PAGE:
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May 13, 2016 at 7:00 PM - 9:00 PM PDT
The things we do for a buck! Quenton Baker, Aaron Counts, Brangien Davis, Brendan Jones, and Shobha Rao share their stories and poems about labors of love and commerce. Sierra Golden and Michelle Goodman emcee. The event is free and the bar will be pouring beer, wine, and cocktails. As always, we’ll have several dozen free Top Pot donuts on hand for noshing.
Quenton Baker is a poet and educator from Seattle. His current focus is the fact of blackness in American society. He is a 2015-16 Made at Hugo House fellow and a 2014 Pushcart Prize nominee. He is the author of This Glittering Republic, forthcoming from Willow Books in 2017.
Poet and fiction writer Aaron Counts is a teaching artist with the Writers-in-the-Schools program and the program coordinator for Creative Justice, an arts-based alternative to incarceration for youth in King County, Washington. Aaron holds an MFA from the University of British Columbia and is the co-author of Reclaiming Black Manhood. Aaron’s writing has appeared in print and online, including Specter Magazine, Bestiary, and The Furnace reading series, though his first publication was on his mother’s old Kenmore refrigerator on 7th Street in Yakima, Washington.
Brangien Davis is a freelance arts writer, editor, and content strategist. From 2007 to 2015 she was the arts and culture editor at Seattle magazine, where she curated all arts coverage and wrote profiles, previews, and an epic ton of blurbs about literature, film, visual arts, dance, theater, and music. Previously, she was a freelance writer for various publications, including The Seattle Times, and founded Swivel, a literary arts journal showcasing witty writing by women. She’s also been a writing teacher and a book editor and an Amazon employee. Most recently she served as Scholar in Residence at Town Hall Seattle, where she became totally obsessed with pipe organs (long story). Her essays and poetry have appeared in Arcade, Filter, Swink, and Rivet.
Brendan Jones lives on a tugboat in Alaska and works in commercial fishing. A Stegner Fellow, he received his B.A. and M.A. from Oxford University, where he boxed for the Blues team. He spent seven years as a general contractor, running Greensaw Design & Build, which specialized in construction using reclaimed material. His work has appeared in the New York Times, Ploughshares, Popular Woodworking, The Huffington Post, and on NPR.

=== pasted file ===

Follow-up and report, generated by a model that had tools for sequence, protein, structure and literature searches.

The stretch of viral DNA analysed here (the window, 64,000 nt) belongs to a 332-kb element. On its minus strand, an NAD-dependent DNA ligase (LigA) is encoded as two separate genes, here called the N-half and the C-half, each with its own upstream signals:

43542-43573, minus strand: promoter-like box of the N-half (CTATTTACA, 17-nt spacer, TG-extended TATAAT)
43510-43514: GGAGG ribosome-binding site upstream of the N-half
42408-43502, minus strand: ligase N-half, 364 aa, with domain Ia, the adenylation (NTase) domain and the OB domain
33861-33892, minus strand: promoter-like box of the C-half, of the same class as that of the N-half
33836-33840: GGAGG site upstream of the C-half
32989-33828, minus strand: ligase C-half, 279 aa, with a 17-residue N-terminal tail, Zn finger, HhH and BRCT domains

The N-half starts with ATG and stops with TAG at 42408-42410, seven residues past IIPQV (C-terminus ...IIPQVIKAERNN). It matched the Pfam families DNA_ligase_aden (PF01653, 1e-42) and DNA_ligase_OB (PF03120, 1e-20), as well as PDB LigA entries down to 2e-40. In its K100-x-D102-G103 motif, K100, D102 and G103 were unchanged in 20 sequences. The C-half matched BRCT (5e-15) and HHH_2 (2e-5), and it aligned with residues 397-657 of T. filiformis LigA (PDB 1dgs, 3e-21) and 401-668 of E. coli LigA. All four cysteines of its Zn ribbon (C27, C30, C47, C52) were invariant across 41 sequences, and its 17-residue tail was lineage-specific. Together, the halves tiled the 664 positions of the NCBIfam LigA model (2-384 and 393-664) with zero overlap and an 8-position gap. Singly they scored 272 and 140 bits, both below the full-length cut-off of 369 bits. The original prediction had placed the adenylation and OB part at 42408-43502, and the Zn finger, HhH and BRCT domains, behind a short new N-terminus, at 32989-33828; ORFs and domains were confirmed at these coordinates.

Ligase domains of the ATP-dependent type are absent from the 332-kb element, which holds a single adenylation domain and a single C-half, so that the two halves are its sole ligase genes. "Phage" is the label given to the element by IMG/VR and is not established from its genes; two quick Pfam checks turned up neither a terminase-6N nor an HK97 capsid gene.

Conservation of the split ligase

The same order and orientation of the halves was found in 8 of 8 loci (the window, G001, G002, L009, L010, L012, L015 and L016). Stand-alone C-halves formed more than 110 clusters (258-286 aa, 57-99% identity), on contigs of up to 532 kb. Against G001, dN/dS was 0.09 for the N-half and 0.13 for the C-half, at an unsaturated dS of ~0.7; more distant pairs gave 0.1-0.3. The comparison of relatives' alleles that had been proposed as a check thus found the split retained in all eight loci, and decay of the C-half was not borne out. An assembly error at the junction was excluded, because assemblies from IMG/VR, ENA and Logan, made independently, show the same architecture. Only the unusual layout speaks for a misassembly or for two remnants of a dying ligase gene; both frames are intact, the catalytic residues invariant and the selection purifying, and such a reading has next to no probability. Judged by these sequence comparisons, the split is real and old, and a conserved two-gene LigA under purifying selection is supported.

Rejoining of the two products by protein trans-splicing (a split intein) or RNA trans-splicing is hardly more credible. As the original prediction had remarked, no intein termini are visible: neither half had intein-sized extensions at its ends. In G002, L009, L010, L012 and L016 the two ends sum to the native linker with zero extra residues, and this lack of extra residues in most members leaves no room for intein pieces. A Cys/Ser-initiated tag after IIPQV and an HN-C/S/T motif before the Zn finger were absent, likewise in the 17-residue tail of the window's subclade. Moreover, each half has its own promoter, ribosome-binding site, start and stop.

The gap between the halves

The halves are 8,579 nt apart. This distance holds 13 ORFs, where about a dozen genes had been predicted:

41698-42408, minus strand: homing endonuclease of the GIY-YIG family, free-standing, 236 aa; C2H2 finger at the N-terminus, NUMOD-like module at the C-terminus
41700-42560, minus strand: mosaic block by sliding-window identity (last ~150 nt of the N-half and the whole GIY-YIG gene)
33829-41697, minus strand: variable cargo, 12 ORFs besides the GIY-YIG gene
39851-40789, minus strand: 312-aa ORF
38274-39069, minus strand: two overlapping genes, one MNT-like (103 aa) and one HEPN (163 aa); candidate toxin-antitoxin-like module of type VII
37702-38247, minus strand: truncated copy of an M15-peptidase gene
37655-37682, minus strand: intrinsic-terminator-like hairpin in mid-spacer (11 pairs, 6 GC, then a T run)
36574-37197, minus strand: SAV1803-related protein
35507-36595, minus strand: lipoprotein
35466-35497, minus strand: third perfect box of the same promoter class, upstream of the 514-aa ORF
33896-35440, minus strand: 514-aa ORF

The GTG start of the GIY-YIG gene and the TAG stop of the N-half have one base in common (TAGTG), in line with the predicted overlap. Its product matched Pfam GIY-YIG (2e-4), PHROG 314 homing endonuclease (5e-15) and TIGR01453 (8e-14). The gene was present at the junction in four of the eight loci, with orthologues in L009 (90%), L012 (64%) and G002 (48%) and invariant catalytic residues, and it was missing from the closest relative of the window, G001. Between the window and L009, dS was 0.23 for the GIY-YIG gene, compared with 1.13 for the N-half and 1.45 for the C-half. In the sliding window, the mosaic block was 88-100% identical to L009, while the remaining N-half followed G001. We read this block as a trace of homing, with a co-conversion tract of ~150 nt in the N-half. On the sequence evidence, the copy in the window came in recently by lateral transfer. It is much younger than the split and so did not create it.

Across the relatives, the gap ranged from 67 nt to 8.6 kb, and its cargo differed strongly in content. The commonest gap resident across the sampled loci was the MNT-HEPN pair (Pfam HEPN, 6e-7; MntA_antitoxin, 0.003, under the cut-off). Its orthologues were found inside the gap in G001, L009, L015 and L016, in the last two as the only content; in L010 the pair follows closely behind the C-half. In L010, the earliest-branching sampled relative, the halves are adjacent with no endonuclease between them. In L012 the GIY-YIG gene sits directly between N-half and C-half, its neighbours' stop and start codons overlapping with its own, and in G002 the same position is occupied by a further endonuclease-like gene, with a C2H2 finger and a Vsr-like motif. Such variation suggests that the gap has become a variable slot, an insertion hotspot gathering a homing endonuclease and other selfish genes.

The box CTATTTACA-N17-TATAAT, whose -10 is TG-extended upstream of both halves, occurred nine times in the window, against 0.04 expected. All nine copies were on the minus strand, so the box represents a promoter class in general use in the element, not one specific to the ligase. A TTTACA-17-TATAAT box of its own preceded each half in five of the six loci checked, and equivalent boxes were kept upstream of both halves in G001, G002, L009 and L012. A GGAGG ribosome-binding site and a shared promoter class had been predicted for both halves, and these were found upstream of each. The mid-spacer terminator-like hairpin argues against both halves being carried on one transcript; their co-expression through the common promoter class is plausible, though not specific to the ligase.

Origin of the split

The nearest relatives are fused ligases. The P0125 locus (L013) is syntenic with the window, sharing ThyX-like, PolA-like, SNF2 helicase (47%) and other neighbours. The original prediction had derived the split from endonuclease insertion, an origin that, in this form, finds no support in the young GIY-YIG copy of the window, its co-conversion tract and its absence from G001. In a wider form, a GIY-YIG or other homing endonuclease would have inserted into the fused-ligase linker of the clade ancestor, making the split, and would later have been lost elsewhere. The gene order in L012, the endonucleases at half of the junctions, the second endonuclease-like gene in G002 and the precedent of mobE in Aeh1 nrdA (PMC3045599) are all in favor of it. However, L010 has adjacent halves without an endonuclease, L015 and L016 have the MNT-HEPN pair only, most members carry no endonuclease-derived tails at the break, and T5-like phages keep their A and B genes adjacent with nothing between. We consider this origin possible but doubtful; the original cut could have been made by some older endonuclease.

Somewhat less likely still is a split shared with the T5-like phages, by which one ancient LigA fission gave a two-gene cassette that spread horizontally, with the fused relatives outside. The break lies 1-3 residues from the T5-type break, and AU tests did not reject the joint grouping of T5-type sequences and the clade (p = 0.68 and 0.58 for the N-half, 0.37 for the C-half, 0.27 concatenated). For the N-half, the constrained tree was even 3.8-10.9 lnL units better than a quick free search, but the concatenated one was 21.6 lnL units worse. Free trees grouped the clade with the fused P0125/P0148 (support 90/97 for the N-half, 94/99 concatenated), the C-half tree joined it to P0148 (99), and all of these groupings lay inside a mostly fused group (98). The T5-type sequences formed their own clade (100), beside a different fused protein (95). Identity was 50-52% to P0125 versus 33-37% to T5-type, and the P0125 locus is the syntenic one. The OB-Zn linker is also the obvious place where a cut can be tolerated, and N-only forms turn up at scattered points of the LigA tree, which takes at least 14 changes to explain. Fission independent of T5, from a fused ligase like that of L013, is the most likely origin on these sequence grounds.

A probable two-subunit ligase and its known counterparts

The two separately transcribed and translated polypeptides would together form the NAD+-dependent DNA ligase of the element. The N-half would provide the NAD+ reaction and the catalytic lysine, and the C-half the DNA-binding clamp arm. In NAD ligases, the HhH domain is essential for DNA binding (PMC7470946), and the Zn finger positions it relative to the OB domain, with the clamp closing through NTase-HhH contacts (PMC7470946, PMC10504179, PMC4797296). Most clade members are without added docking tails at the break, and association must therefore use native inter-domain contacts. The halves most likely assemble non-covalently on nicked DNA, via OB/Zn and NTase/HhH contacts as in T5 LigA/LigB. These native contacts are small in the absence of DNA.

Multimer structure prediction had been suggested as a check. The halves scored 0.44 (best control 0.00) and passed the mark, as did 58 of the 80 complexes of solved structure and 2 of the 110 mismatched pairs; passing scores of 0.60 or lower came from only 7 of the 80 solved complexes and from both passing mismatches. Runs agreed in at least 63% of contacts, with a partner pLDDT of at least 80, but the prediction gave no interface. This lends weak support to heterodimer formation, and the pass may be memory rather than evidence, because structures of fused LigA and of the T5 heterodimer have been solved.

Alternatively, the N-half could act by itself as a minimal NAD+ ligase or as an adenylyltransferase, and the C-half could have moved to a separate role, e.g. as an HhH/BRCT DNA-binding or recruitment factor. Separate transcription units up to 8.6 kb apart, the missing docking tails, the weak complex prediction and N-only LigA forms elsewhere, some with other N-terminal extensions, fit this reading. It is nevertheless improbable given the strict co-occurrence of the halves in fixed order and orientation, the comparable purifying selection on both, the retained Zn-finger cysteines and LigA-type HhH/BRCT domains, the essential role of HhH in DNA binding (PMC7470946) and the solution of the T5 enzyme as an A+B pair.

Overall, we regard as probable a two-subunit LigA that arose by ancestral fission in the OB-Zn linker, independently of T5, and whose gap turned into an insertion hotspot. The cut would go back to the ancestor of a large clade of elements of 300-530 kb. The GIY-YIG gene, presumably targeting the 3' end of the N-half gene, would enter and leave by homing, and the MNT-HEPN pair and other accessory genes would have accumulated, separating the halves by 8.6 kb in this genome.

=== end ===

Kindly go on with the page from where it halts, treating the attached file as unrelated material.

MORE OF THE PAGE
Shobha Rao is the author of the collection of short stories, An Unrestored Woman. She is the winner of the 2014 Katherine Anne Porter Prize in Fiction, awarded by Nimrod International Journal. She has been a resident at Hedgebrook and is the recipient of the Elizabeth George Foundation fellowship. Her story “Kavitha and Mustafa” was chosen by T.C. Boyle for inclusion in the Best American Short Stories 2015. She lives in San Francisco.
Michelle Goodman is the award-winning author of The Anti 9-to-5 Guide and My So-Called Freelance Life, both published by Seal Press. Her essays and journalism on careers, commerce, and creativity have appeared in dozens of publications, including the New York Times, Salon, Vice, Bust, Bitch, Bark, Seattle Times, Seattle magazine, and several anthologies. She’s been awarded residencies by Hedgebrook and Whiteley Center. Before becoming a full-time freelance writer two decades ago, she played admin to an array of dazzlingly bad bosses.
Sierra Golden received her MFA in poetry from North Carolina State University. Winner of the program’s 2012 Academy of American Poets Prize, Golden’s work appears or is forthcoming in literary journals such as Prairie Schooner, Permafrost, and Ploughshares. She has also been awarded residencies by Hedgebrook, the Island Institute, and the Sitka Center for Art and Ecology. Although she calls Washington State home, Golden has spent many summers in Alaska, working as a commercial fisherman. She now works in communications.